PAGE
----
I just got a message from a friend who nearly always disagrees with
me. His disagreement usually takes the form of an irritable accusation:
to wit, that I can’t really mean what I say.
I know how he feels. It’s irrational, but we all tend to get
angry when others disagree with us. That’s because we are so
right that nobody in his right mind could honestly deny it, isn’t
Accepting disagreement as sincere is one of the severe tests of maturity.
I always think of George Orwell, one of my literary heroes, who recognized
in himself “a rare capacity for facing unpleasant facts.” One
of these facts is that other people are as sure of their convictions
as you are of yours, and they are as sure of your dishonesty as you
are of theirs.
It took me a long time to face this. It was so tempting to believe
that deep down, my opponents agreed with me but perversely refused
to admit it. Finally it sank in: They meant what they said just as
much as I did. I had to face the test of truth just as much as I wanted
them to. If I was right, I must be prepared to demonstrate it to unbiased
people (if I could find any).
A silly old adage has it that you should never argue about politics
and religion. But as G.K. Chesterton retorted, politics and religion
are the only subjects worth arguing about. If only we could all do
it as cheerfully and as charitably as Chesterton does!
I certainly can’t. But I’ve trained myself, at long last,
to suppress my annoyance at disagreement, and even to take a friendly
interest in it. The other fellow must have some reason for thinking
as he does. As William Blake says, “Everything that is possible
to be believed is an image of truth.”
When it comes to the hot topics of religion and politics, it’s
true, most people believe what they want to believe. Their “beliefs” really
flow from wishful thinking, not reason. And in a way they admit this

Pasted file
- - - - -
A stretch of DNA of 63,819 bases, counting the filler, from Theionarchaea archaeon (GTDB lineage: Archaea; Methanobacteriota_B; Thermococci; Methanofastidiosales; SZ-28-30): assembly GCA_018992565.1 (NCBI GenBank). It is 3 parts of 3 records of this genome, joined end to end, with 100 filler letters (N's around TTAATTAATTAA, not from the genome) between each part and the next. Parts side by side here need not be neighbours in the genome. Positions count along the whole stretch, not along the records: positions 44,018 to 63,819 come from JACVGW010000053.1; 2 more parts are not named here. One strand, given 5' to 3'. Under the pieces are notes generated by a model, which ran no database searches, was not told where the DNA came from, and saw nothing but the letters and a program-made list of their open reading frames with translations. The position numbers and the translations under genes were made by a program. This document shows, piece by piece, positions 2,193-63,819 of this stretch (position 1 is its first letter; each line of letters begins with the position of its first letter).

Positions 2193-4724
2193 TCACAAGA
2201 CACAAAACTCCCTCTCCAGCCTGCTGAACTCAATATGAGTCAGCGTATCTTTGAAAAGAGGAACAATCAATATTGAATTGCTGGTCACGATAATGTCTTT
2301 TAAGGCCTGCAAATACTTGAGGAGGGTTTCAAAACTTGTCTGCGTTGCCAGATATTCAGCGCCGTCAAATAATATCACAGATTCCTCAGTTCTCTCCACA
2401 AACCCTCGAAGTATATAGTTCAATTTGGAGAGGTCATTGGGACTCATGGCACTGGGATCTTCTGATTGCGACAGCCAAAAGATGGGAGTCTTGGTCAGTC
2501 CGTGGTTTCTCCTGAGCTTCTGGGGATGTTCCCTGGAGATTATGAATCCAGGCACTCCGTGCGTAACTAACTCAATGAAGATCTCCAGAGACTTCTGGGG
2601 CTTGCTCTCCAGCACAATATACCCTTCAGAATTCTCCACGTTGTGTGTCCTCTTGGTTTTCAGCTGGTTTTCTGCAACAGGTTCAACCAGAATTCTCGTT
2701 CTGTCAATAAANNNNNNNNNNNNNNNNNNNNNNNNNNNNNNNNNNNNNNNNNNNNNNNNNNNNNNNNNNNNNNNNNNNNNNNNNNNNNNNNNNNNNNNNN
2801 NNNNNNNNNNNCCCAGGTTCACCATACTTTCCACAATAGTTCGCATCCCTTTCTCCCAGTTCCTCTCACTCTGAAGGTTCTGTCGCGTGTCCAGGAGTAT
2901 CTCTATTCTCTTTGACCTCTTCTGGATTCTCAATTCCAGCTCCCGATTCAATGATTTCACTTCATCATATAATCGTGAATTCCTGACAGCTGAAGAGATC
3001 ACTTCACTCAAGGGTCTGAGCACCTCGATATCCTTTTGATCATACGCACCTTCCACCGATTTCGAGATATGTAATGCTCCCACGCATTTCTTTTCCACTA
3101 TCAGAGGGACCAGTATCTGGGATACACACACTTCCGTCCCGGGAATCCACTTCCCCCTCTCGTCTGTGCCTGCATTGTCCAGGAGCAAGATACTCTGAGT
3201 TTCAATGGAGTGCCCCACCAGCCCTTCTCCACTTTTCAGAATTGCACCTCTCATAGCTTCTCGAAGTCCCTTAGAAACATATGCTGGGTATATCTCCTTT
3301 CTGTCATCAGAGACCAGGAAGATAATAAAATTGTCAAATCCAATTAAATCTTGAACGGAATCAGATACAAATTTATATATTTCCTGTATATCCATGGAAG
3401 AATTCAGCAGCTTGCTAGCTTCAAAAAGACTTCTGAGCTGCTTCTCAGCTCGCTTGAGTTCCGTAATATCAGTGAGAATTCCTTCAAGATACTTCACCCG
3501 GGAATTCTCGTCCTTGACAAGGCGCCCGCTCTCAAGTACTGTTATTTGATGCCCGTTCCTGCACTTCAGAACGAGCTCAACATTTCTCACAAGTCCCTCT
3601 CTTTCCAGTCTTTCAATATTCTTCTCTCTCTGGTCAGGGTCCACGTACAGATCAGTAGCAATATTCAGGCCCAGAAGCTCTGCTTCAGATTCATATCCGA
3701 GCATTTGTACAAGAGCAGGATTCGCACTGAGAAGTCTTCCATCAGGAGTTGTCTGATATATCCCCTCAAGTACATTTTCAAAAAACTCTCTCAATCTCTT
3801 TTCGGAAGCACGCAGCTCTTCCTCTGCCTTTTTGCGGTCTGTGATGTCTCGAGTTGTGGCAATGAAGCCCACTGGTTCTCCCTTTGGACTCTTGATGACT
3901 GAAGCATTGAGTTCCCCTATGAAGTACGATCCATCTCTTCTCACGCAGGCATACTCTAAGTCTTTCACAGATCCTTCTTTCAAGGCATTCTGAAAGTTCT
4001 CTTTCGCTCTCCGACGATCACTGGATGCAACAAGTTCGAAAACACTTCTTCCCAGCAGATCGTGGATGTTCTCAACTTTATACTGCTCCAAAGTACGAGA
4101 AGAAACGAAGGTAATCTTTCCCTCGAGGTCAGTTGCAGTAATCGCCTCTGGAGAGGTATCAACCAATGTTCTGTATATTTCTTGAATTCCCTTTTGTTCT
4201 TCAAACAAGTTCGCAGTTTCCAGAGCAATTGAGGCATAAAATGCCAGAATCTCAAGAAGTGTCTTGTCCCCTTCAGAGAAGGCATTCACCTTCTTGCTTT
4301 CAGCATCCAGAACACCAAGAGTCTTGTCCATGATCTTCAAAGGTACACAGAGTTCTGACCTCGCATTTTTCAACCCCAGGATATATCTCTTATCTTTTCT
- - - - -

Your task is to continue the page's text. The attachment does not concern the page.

when they assume that my beliefs must also flow from mere wishes. They
assume that all of us believe what we want to believe, just as they
I can say that this isn’t true in my case, because, like Orwell,
I’ve steeled myself to face those unpleasant facts. I now believe
many things I’d much rather not believe. I’ve also had
to give up beliefs I once cherished, at some cost in comfort, recognition,
and dear friendships. Not to mention money.
For example, I was sitting pretty when I was a mainstream conservative.
I miss those days. But there’s no going back. Finally, it’s
a matter of self-respect: I just couldn’t keep saying things
I could no longer say with conviction. I have to endure a certain amount
of isolation and even ostracism. But as John Kerry’s dying mother
so memorably said, “Remember — integrity, integrity, integrity!”
On a slightly less lofty matter, I’m sometimes accused of “snobbery” for
arguing that “Shakespeare” was really the 17th Earl of
Oxford — which implies, again, that my wish was father to the
thought. But I’m about as snobbish as a mongrel pup, and I was
happy to believe that Shakespeare was an ordinary young man; it took
an effort to realize that he was really a bisexual lord. This was far
from what I wished to discover.
The truth, I think, is the reverse: Believers in the Stratford man
want to believe he was the great poet, in spite of the evidence. They
like the dear Horatio Alger story of the country boy “warbling
his native woodnotes wild,” and a charming story it is. But I
can’t believe it. I have to force myself to realize that many
people still do.
Another kind of wishful thinking is the desire to think the worst
of our enemies in every possible way. This is common in politics, as
when Republicans, not content with savaging John Kerry, also savage
his wife for pretty harmless remarks. I don’t mind that they
are ungallant, but that they are so desperately petty about it.
If you want to know how wise and honest a man is, observe how much
he is willing to credit to his opponents.
This column was originally published by Griffin Internet Syndicate on
October 28, 2004.
Copyright © 2010 by Joe Sobran and the
Fitzgerald Griffin Foundation. All rights reserved.
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